Assessing rates and patterns of hybridization between wild boar and domestic pig in Europe

Antonio Canu, Laura Iacolina, Marco Apollonio, Massimo Scandura

Research output: Contribution to conference without publisher/journalConference abstract for conferenceCommunication


Introgressive hybridization between wild boar and domestic pig has unpredictable evolutionary
consequences and has the potential to alter reproductive, immunological and behavioural traits,
influencing individual fitness and possibly increasing species' invasiveness.
Though of great interest, reconstructing patterns of gene flow between wild and domestic form of Sus
scrofa is arduous. In fact, hybridization patterns may differ greatly with respect to time (ancient vs. recent),
source (intentional in captivity vs. unintentional in the wild), spread (extensive vs. occasional) and
directionality (i.e. involved sexes of the two forms). This is likely to produce a puzzling scenario, where close
populations may show contrasting signals of genetic introgression. Whether and how much this can impact
the dynamics of local populations remains unproven. Diagnosing hybrids is the first step to address the
issue. However, despite the availability of multiple molecular markers, with different inheritance systems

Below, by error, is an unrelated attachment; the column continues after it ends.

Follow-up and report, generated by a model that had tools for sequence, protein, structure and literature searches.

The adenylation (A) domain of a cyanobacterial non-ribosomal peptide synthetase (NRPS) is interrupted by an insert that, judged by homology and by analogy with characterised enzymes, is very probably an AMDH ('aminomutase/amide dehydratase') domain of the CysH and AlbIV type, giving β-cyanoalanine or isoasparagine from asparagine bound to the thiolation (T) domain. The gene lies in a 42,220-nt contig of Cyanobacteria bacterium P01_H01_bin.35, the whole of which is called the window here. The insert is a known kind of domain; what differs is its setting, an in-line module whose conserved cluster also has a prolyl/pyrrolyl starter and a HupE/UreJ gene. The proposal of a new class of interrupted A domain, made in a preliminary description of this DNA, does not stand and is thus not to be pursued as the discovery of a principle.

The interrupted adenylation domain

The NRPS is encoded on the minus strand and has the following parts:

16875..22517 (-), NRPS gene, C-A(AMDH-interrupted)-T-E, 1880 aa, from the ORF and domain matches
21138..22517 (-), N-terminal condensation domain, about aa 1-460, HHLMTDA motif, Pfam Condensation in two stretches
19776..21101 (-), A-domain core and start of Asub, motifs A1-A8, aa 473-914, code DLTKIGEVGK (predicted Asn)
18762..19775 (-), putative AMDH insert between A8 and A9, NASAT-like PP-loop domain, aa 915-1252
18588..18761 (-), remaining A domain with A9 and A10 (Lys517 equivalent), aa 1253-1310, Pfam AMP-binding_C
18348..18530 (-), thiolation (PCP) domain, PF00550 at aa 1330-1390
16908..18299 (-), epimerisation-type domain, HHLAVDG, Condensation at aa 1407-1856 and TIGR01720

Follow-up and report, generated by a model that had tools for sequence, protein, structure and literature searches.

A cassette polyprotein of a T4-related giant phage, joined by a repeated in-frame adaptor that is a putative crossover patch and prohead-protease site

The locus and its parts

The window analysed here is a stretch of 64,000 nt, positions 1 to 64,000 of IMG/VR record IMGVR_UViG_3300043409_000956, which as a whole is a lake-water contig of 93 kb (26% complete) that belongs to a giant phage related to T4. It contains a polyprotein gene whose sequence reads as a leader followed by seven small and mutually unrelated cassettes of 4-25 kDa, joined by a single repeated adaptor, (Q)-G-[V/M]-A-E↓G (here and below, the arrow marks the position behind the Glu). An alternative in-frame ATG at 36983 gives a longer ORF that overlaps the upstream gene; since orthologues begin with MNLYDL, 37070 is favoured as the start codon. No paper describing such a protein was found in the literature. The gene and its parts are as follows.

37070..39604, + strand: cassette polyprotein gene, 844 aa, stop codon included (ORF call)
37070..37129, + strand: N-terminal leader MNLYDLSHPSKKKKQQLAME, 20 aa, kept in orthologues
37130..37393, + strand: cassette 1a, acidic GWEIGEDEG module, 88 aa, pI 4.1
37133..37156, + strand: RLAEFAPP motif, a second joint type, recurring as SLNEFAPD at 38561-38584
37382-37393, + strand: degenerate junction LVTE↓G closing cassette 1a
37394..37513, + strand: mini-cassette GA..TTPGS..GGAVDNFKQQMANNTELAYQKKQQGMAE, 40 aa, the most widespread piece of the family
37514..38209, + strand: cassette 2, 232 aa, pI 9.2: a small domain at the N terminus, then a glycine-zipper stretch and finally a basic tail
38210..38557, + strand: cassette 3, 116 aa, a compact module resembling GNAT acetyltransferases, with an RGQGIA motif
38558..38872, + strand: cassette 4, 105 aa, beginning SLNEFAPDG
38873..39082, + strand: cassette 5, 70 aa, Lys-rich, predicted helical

and undergoing different selective pressures, the analysis on the extent and impact of introgressive
hybridization in Europe remains challenging.
Here we show the outcome of the application of different genetic marker systems and the potentiality of
newly developed markers across a range of European wild boar populations.
Maternally inherited mitochondrial DNA alleles are by large shared between wild and domestic stocks, and
the most reliable indicator of introgression is commonly considered the presence of East Asian haplotypes,
which are found at a very low frequency in European wild boar. Variation at the MC1R and NR6A1 nuclear
genes - influencing coat colour and number of vertebrae, respectively, and under strong artificial selection
during domestication - revealed higher levels of a bidirectional gene flow. Unlike previously used Ychromosome
markers, which seem to suffer low variation, new polymorphic Y-linked microsatellites
represent a promising tool to disclose the paternal contribution to gene flow, but should be tested on a
larger sample of domestic and wild Sus scrofa to identify actual diagnostic alleles.
Original languageEnglish
Publication date7 Sept 2016
Number of pages1
Publication statusPublished - 7 Sept 2016
Event11th International Symposium on Wild Boar & Other Suids - Merch, Luxembourg
Duration: 5 Sept 20168 Sept 2016


Conference11th International Symposium on Wild Boar & Other Suids
Internet address


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